DEAR DOCTOR K:
I have something called Morton’s neuroma. Can you explain what it is, and what I can do to relieve the pain?
A neuroma develops when a nerve is compressed, injured or pinched, causing swelling and pain. A neuroma in the area between the third and fourth toes, or between the second and third toes, is known as a Morton’s neuroma. (I’ve put an illustration of Morton’s neuroma below.)
A view of Morton’s neuroma
Along the bottom of the foot, the nerves of the toes pass between the metatarsal bones. As a result of tight-fitting shoes or activities such as jogging or dancing, these nerves can be compressed by the bones and become irritated. The area between the third and fourth toes is the most common site for this condition, which is named Morton’s neuroma after the doctor who first described it.
Morton’s neuroma causes sharp, burning pain and numbness in the toes and foot. You may feel like you’ve stepped on a tiny hot coal and can’t get rid of it. At the same time, you’ll have the disconcerting experience of not being able to feel your toes. Sometimes the nerve tissue becomes so thickened you can feel or see a lump.
Women, particularly those who wear tight shoes, are at greatest risk for Morton’s neuroma. The best way to prevent the condition is to wear shoes with wide toe boxes. Tight, pointed shoes squeeze bones, ligaments, muscles and nerves. High heels may worsen the problem by shifting your weight forward. Over time, this combination can cause the nerves to swell and become painful.
Wearing shoes that provide enough room in the toe box is also the first step in treating Morton’s neuroma. For instant relief when pain flares up, try taking your shoes off and rubbing the area. The nerve can get trapped below the ligament, and rubbing can move it back to its natural position.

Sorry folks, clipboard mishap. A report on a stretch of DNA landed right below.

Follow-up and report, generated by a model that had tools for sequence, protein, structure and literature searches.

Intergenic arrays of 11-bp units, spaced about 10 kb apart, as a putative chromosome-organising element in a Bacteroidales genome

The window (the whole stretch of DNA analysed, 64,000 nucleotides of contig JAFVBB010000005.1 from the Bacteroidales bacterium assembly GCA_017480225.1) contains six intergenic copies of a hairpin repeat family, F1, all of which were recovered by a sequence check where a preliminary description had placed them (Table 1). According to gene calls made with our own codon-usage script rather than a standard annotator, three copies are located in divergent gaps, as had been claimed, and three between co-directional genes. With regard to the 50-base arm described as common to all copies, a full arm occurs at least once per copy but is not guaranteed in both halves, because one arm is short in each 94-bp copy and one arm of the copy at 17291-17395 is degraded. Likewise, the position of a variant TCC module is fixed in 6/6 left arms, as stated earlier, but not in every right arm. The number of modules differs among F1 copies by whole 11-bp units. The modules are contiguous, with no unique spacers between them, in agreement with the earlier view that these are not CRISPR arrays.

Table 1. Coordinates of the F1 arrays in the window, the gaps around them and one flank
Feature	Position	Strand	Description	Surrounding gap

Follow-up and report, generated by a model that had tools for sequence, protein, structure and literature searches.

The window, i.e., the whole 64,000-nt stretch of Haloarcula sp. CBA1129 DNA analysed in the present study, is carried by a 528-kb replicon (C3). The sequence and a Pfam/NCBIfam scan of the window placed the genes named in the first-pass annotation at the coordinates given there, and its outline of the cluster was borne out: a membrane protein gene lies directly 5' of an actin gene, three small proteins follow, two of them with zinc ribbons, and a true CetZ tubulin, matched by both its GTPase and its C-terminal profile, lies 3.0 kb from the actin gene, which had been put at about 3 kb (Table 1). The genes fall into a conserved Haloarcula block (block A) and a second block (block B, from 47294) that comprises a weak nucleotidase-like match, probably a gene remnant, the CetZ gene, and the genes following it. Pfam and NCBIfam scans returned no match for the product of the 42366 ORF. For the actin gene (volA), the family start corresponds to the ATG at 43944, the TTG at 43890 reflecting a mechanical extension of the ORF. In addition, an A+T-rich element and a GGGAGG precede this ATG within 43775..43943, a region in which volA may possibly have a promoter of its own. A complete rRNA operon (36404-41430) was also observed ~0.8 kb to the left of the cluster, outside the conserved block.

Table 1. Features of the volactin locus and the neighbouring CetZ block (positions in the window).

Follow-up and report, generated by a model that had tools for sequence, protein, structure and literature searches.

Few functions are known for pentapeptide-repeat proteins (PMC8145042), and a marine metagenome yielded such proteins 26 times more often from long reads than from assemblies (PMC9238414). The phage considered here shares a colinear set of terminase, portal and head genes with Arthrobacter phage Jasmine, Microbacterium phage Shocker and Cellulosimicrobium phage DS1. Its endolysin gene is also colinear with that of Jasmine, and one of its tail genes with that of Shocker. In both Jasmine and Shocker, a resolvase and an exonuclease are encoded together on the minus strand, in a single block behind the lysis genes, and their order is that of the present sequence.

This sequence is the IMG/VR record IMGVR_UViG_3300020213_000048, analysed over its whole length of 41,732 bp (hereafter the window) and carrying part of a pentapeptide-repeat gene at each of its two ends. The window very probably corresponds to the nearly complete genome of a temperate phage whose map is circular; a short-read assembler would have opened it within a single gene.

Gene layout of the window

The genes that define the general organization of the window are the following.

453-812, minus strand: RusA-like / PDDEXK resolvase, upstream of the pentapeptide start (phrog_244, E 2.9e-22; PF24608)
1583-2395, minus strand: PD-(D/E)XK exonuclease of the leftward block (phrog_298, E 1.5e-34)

Your doctor or a foot-care specialist may recommend lower heels and metatarsal pads. These pads provide cushioning under your neuroma and better arch support to redistribute your weight. Custom shoe inserts will help correct structural problems and distribute the pressure more evenly.
If you’re in severe pain, your doctor may give you an injection of a local anesthetic combined with a corticosteroid to relieve the inflammation and pain. If you keep pressure off the toes and wear wide enough shoes, the problem may gradually disappear.
For severe or persistent pain, you may need surgery to remove the neuroma. Once the nerve is gone, you permanently lose feeling in the affected area.
One alternative to surgery is to undergo neurolysis injections. These use chemical agents to block pain signals. Another alternative is to take a prescription pain reliever that alleviates nerve pain.
At Harvard Medical School, we survey patients about health topics that they would be most interested in learning about. Not surprisingly, there are many votes for healthy lifestyle (like healthy eating and exercise). And also many votes for the major diseases, such as heart disease, cancer, strokes, diabetes and Alzheimer’s disease.
But you’d be surprised how many people vote for learning more about how to deal with their aching feet. A lot of us have sore feet, and Morton’s neuroma is one of the more common causes.